Chairs, Sofas and 'Leaks': The Imran vs Army Arena
In the tussle, Imran Khan has been playing some really cheap shots. Towards the end of last year, he twice referred to Prophet Omar having fired his Army chief, without any context whatsoever. A couple of weeks ago, his office released a statement about a security briefing he and the Army chief took at the ISI headquarters, saying, “Qamar Javed Bajwa, Chief of the Army Staff, was also there.” Such language has never been used before.
On Wednesday, again in a first, Imran Khan’s office released a photo in which General Bajwa is uncomfortably seated in a straight-backed chair. In all previous photos, Bajwa was sat on a sofa. This made the Army chief the butt of jokes on Twitter, while serving officers said straight-backed chairs are offered to subordinates so that they sit straight, and that they had never seen such an image of an Army chief before.
And to rub it in, Imran Khan’s office issued another photo the next day with guests on sofas. This insult came on the heels of his outburst on live television against the Army chief when he said in a barely veiled threat that he would be more dangerous out of office, and that people knew his (the Army chief’s) reality.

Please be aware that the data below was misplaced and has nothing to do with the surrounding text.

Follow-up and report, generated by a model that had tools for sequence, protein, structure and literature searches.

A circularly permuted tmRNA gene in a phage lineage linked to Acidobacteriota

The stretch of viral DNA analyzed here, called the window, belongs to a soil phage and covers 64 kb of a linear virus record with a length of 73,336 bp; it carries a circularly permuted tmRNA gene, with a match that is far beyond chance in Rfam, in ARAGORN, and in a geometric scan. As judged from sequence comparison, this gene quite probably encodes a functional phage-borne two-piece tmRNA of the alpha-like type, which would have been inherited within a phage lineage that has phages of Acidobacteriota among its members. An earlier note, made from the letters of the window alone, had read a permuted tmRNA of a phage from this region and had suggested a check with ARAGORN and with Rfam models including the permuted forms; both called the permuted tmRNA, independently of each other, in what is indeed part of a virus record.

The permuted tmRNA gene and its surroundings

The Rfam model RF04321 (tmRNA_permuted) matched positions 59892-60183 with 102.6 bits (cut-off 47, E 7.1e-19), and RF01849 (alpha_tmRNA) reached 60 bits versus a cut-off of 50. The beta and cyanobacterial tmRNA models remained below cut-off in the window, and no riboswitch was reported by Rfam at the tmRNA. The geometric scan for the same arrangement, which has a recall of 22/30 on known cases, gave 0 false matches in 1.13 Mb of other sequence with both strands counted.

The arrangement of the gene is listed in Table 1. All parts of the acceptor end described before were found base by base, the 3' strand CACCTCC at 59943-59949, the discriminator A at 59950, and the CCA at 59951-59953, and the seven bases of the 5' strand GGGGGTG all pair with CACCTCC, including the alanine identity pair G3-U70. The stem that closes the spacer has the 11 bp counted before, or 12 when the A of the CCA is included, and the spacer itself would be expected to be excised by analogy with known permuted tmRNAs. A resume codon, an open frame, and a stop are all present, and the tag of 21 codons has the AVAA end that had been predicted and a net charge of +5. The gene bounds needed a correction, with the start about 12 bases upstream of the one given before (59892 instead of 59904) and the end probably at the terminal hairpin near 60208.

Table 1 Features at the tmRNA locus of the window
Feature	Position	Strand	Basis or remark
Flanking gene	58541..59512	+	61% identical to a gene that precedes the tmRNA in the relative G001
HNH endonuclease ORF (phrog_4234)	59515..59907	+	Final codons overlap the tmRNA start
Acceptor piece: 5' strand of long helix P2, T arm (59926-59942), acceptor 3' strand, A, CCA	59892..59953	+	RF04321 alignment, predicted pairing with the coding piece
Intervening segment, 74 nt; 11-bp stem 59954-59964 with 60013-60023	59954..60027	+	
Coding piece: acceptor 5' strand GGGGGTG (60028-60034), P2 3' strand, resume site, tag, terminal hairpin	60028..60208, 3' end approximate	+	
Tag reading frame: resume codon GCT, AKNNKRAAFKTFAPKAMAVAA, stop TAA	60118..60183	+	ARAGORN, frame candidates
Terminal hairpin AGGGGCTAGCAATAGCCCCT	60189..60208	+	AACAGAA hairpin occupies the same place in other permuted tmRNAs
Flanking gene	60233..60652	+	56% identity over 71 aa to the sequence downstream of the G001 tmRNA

The tussle has led to leaks and rumours, many deliberately put about to spook the other side. The Prime Minister’s side has leaked that Khan has signed and kept safe two documents: de-notification of General Bajwa and the dissolution of the Assembly (in readiness for any hanky panky by the general). The General’s side has leaked that it has in its safekeeping the no-confidence motion against the Prime Minister with the required number of signatures on it, and that it will mount a coup should the Prime Minister try to become too big for his boots, ie, fire General Bajwa and appoint Faiz Hameed the next Chief of Army Staff (it being an open secret now that this is Khan and Hameed’s ultimate bid).
Are Foreign Powers Also Involved?